STUDENTS from the Royal Conservatoire of Scotland (RCS) are at the forefront of one of the fastest growing industries in the UK, contributing billions to the national economy.

Employment in the UK’s creative industries is growing at four times the rate of the UK workforce and this sector outpaces the 12 largest industries of the UK economy. In Scotland, creative industries contribute £4.6 billion to the economy and employ 73,600 people – it is now larger than life sciences and sustainable tourism in terms of GVA (Gross Value Added) and employs more people than the energy sector.

But entrepreneurship is not something young artists often consider when they decide to make a career in the arts.

Actor/writer Scott Gilmour and composer Claire McKenzie are Noisemaker Productions, creating and developing new musical theatre. They readily admit that recognising the skills needed to work as a business has been a steep learning curve.

“Almost every job in the arts requires an element of entrepreneurial spirit to get started," Gilmour says. "It’s a constantly changing field and the learning never stops. The skills we rely on most are actually the most simple and obvious; passion in your work and self-belief are enormous, patience, ambition, and remembering to actually enjoy the work. It’s a real treat to do what you love as a living and, oddly, it can be the one thing we forget when moments of stress or difficulty arise.”

Coming to terms with the balance between art and money was the toughest challenge, according to McKenzie: “Deciding to do crappy jobs because you need the money or taking work that pays little but offers a lot more in terms of artistic and personal satisfaction is always a difficult balance. The most difficult and most rewarding aspects of our work are when these two strands meet in the middle, when the payment you’re getting equals the work you put in and is also challenging you as a creative in your field.”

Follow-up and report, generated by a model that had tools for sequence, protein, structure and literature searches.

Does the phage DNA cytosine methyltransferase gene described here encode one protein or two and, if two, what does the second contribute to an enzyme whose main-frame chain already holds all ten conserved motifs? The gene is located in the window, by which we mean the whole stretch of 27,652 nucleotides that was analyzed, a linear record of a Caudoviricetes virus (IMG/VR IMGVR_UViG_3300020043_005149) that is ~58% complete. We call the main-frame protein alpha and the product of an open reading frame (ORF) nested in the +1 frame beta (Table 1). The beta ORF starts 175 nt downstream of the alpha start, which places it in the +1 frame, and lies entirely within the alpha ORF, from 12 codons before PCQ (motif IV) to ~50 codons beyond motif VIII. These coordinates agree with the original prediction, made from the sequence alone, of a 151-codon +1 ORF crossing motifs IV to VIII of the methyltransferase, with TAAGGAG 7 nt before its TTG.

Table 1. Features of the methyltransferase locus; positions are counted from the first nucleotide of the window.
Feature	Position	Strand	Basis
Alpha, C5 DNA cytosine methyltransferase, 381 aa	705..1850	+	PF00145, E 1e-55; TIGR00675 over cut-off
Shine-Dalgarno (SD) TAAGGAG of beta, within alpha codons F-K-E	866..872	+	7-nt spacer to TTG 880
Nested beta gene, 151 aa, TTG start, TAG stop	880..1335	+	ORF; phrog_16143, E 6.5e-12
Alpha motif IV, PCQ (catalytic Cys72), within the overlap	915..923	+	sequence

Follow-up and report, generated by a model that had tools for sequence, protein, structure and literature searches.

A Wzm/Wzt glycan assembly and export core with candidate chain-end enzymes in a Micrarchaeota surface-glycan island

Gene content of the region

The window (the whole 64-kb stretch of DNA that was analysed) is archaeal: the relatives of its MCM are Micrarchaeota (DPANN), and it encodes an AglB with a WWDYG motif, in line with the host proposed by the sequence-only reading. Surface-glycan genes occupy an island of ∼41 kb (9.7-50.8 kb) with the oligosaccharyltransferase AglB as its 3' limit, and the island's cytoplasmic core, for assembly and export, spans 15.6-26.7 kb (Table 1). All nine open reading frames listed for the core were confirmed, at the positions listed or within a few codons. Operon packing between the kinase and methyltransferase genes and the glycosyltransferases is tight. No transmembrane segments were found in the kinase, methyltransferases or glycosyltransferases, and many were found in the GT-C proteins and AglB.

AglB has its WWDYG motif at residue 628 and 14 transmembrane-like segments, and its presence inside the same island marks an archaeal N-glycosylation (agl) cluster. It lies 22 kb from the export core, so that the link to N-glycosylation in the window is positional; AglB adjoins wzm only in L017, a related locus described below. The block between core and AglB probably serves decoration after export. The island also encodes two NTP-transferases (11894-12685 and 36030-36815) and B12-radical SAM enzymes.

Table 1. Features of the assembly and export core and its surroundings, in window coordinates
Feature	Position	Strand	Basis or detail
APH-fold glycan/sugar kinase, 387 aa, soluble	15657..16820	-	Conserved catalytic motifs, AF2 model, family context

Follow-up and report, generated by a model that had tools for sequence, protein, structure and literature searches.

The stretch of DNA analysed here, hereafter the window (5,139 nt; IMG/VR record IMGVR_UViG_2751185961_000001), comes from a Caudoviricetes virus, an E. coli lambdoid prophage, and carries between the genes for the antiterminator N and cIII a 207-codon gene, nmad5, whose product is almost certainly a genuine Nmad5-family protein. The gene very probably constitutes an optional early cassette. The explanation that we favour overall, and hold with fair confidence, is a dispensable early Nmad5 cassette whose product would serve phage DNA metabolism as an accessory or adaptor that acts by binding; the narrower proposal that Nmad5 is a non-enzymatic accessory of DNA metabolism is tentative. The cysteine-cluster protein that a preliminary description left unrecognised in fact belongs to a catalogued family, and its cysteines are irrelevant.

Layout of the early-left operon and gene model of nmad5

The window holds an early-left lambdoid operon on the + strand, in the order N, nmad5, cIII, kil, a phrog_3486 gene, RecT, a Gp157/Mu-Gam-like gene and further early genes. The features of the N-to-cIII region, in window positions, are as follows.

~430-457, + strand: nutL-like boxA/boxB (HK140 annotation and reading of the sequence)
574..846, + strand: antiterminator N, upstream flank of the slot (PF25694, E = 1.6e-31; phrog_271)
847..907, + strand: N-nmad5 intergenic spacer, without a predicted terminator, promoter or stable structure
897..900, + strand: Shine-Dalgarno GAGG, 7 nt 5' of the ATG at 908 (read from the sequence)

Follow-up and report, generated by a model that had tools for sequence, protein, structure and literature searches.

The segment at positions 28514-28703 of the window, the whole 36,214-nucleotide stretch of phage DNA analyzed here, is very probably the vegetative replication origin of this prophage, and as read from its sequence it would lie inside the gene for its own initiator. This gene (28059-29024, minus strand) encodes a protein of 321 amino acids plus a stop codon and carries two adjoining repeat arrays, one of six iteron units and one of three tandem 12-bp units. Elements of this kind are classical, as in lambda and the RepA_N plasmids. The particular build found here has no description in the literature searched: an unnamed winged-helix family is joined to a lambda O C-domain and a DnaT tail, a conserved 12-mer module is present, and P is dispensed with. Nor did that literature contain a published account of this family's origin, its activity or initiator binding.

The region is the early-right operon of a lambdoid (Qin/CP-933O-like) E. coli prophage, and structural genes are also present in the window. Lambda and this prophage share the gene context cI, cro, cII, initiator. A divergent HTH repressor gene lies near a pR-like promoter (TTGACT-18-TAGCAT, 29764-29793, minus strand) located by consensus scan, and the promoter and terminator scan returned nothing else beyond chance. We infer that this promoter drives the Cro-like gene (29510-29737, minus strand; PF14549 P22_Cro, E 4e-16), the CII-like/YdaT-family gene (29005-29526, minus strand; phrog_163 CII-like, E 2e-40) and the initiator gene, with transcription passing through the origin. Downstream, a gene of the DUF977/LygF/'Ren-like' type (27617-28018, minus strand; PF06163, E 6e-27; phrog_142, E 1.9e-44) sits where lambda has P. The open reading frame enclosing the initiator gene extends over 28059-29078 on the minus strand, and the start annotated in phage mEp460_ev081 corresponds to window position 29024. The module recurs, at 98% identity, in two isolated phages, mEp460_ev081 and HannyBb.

Enterprise is embedded in the curriculum at RCS as an essential part of an arts student’s education. Composer and concert producer Matthew Whiteside, who won the One to Watch award at the 2017 Sunday Herald Culture Awards, took the arts admin module, which helped with writing funding applications – one of the biggest challenges for arts entrepreneurs.

“Writing funding applications is a skill everyone needs to learn for themselves because everyone has a slightly different way of writing one,” he says. “Even with the module and advice from others who have been successfully funded, it took many failed attempts before beginning to see any success. Perseverance is something you need to have, and belief in what you are doing.

“You need to be able to consistently deliver within budget the project you proposed. I had the opportunity to learn how to project manage in relatively low-pressure environments, putting on concerts with friends during my studies. If it wasn’t for these opportunities, I would have felt very lost upon graduation.”